Saturday, August 01, 2015

Strange Glory - A New Book with Fresh Revelations about Dietrich Bonhoeffer

Strange Glory: A Life of Dietrich Bonhoeffer by Charles Marsh
A Book Review by Gil Stafford

Twenty years ago Ray Anderson introduced me to the enigmatic Dietrich Bonhoeffer. My seminary professor taught me that to understand Bonhoeffer I had to read across the span of his short life and compact theological career. To read Bonhoeffer’s Cost of Discipleship outside the context of Life Together is to see someone who is, yes disciplined in the faith, but without community. But, to read either without daring to wade into the challenging waters of his Ethics is to miss the opportunity to be witness to his evolutionary theology. Still, to read Letters and Papers in Prison, as did the “God is Dead” contingent of the 60’s without the backdrop of Bonhoeffer’s entire work is to give it a disservice that would lead one to unsound theological conclusions.

Anderson’s enthusiasm and guidance led me to write a dissertation five years later using Bonhoefferian Christocentric theology. Bonhoeffer’s post-modern, post-church, post-Christian theology has much to say to our world. In him, I found Christ in the face of the other. This was, as still is, my model for leadership. My interest in the life and work of Dietrich Bonhoeffer has continued. Admittedly, however, after writing a dissertation, I had little interest in reading yet another biography of Bonhoeffer, especially after having consumed the thousand pages of Eberhard Bethge’s definitive Dietrich Bonhoeffer: A Biography; Theologian, Christian, Man for His Times. Bethge was after all, Bonhoeffer’s best friend and confidant. Who could add anything to Bethge’s twenty-year commitment to the biography? Actually, no one really dared until five years ago. But upon a quick glance, I surmised those two authors had little new to offer.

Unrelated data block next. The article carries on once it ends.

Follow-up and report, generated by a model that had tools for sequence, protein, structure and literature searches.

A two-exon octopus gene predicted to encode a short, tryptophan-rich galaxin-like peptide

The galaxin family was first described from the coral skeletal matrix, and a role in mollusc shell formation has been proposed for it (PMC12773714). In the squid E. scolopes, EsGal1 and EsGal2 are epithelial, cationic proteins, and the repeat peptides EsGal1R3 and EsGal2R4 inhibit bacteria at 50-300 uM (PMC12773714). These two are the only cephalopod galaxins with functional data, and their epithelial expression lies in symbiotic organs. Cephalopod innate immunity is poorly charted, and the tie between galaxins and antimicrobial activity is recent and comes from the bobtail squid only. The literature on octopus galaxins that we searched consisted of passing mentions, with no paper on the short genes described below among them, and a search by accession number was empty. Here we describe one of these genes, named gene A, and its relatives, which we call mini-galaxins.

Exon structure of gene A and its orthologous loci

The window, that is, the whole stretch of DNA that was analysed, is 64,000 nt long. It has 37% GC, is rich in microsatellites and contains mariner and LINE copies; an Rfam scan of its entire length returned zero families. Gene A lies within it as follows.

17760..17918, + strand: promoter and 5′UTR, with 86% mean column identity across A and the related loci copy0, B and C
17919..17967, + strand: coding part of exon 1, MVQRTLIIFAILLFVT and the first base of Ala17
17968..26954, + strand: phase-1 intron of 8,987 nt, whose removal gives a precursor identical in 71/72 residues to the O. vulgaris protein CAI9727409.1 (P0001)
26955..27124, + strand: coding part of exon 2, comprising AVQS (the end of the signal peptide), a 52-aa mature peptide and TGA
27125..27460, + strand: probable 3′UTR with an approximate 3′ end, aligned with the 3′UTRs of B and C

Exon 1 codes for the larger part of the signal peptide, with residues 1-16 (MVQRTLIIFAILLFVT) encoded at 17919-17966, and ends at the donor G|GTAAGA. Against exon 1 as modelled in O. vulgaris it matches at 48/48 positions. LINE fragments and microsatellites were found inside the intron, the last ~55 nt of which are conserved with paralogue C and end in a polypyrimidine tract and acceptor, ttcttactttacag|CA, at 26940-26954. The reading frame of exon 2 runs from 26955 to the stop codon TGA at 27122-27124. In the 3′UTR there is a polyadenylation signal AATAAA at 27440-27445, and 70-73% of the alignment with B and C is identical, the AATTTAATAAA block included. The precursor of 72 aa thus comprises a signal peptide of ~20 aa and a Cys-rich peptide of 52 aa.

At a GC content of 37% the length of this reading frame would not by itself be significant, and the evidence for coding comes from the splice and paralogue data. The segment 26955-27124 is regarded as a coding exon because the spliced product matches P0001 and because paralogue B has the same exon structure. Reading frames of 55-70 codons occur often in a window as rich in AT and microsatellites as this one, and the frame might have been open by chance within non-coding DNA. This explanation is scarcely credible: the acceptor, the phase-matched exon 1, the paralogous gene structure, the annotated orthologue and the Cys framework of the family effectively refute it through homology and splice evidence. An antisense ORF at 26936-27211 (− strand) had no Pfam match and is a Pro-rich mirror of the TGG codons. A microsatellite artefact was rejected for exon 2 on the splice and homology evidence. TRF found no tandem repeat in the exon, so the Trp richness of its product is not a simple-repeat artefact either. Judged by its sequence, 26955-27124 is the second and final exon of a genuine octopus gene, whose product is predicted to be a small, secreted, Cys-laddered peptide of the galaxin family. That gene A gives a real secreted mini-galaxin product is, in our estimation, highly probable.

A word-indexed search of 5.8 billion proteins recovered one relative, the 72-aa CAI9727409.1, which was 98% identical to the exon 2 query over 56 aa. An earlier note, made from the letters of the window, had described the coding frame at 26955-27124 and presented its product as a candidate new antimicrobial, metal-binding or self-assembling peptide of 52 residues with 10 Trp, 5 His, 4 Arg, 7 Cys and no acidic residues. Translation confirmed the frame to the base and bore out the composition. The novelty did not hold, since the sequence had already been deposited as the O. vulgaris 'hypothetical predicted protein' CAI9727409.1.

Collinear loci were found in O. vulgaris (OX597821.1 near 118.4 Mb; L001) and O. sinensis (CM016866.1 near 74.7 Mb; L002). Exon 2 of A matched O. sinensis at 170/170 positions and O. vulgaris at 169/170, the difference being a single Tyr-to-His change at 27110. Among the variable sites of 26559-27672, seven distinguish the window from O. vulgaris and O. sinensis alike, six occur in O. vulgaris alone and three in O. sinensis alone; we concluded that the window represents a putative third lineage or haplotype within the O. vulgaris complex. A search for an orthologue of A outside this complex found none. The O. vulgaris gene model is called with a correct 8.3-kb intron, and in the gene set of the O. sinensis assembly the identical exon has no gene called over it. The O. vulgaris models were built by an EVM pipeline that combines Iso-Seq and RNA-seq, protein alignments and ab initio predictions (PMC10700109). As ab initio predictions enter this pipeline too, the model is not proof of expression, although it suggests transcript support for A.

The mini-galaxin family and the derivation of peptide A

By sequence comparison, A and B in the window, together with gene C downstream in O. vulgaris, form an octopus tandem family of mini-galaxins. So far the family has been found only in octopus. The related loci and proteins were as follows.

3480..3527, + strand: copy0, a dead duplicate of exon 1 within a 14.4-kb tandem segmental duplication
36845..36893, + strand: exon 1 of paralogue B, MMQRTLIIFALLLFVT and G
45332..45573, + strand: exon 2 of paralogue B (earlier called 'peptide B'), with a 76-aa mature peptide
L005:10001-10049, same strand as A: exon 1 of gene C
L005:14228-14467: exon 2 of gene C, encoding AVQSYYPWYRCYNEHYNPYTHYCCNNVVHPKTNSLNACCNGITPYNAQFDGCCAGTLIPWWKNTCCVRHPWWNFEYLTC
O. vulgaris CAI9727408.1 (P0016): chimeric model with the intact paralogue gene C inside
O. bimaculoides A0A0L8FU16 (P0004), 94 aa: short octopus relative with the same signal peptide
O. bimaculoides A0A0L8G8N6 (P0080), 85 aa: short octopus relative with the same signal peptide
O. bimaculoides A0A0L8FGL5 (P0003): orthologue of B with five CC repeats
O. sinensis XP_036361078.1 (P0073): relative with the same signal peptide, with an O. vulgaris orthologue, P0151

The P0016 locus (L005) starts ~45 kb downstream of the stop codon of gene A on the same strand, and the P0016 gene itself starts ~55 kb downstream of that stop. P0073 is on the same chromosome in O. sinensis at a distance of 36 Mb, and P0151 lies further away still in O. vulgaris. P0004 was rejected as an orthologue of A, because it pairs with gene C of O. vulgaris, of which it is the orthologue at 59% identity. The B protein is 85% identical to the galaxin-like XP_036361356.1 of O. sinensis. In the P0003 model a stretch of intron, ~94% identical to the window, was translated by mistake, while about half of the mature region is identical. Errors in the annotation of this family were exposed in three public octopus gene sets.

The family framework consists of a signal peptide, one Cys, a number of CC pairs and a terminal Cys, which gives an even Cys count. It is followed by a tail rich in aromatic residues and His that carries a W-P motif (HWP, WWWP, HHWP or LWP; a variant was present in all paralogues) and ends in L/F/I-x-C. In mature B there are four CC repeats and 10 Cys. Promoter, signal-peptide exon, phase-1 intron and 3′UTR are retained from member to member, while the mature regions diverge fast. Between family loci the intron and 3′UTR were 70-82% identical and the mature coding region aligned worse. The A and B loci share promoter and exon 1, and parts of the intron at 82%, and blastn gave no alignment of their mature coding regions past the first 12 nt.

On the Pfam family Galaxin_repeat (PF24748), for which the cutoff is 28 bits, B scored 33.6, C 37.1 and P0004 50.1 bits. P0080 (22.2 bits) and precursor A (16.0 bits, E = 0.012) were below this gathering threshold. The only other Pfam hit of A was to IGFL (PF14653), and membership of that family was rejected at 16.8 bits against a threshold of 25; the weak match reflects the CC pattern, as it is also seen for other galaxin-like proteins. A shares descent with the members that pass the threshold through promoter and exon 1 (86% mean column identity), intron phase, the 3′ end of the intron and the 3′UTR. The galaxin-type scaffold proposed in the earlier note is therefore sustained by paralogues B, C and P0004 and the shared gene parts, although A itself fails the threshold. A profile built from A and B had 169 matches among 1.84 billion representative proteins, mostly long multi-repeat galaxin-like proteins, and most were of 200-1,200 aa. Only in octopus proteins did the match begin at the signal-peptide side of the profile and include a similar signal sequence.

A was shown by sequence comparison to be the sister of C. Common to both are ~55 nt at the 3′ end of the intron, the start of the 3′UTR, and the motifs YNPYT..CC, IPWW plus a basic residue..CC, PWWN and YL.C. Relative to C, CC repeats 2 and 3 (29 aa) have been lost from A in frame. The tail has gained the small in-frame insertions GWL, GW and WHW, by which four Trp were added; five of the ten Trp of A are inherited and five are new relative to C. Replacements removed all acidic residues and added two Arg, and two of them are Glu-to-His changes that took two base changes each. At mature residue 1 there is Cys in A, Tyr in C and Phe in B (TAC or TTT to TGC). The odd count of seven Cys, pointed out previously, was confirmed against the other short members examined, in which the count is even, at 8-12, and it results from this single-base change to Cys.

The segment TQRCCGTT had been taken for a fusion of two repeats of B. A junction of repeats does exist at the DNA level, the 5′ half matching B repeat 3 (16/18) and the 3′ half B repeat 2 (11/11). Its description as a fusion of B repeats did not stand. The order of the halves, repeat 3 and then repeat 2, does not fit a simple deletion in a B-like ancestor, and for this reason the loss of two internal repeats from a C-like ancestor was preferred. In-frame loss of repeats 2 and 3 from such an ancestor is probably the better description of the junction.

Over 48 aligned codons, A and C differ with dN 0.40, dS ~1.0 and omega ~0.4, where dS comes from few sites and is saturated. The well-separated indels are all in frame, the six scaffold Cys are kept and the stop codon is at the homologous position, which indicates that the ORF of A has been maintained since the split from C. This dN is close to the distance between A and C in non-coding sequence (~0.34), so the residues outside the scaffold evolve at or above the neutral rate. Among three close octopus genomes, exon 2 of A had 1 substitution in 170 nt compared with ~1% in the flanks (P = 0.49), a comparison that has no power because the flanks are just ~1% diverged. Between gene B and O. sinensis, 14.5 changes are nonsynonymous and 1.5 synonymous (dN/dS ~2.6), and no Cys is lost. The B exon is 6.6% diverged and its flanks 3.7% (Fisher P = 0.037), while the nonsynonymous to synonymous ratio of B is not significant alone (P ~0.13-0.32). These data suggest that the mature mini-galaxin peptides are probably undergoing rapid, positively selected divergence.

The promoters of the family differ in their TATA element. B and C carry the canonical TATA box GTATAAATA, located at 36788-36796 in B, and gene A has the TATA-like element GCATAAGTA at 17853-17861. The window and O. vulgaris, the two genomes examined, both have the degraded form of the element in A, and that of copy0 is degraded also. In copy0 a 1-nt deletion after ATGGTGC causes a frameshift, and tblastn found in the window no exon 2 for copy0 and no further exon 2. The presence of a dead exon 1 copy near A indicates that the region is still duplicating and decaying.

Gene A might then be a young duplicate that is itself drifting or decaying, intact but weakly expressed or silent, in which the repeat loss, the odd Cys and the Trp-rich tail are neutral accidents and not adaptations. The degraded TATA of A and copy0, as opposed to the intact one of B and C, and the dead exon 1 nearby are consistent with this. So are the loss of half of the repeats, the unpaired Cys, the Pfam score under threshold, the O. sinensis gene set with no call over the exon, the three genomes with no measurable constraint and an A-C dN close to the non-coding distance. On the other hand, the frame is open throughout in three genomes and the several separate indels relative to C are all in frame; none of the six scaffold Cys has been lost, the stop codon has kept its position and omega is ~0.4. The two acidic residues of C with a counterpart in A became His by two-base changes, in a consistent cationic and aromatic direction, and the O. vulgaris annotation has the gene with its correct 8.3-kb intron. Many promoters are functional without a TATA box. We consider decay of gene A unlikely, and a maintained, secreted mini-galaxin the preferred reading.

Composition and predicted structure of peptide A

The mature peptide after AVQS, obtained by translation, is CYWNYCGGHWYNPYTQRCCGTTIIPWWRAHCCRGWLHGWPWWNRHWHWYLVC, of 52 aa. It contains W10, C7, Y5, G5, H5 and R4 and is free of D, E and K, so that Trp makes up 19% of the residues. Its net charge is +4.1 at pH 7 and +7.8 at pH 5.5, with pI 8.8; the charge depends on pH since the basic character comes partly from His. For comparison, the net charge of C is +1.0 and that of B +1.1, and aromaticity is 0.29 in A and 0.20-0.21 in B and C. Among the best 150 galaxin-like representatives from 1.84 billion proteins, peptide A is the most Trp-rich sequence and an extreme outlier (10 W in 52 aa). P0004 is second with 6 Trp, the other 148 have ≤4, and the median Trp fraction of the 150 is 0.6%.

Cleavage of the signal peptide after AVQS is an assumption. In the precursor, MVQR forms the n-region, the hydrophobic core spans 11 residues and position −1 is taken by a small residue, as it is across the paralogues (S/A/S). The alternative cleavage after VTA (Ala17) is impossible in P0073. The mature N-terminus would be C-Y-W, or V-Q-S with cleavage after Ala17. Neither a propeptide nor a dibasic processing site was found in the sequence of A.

What then, enticed me to read Charles Marsh’s Strange Glory: A Life of Dietrich Bonhoeffer? The reviews said Marsh had access to primary documents that few scholars had seen before. Marsh also had committed to writing his book without the use of any secondary reference material. The lure of something new was too much to resist.

Marsh’s non-fiction narrative reads like a novel. His access to new information, creative style, and provocative insights make Marsh’s book worth the investment of time to read. Whether you are interested in Bonhoeffer, the life of a provocative Christian, a theology for a new age, World War II, or biographies, I recommend this very approachable, yet erudite and extensively referenced work.

Marsh is Director of The Project on Lived Theology, which “explores the social consequences of theological commitment.” The website http://www.livedtheology.org/ is intriguing. Marsh calls “lived theology,” unleashed theology—a theology that is removed from academic restraints, grounded in the life of community, translated into the world, messy. The effects of Bonhoeffer on Marsh are obvious. I look forward to Marsh’s work with more in depth, especially with its implications on my own new endeavor as Canon Theologian for the Diocese of Arizona.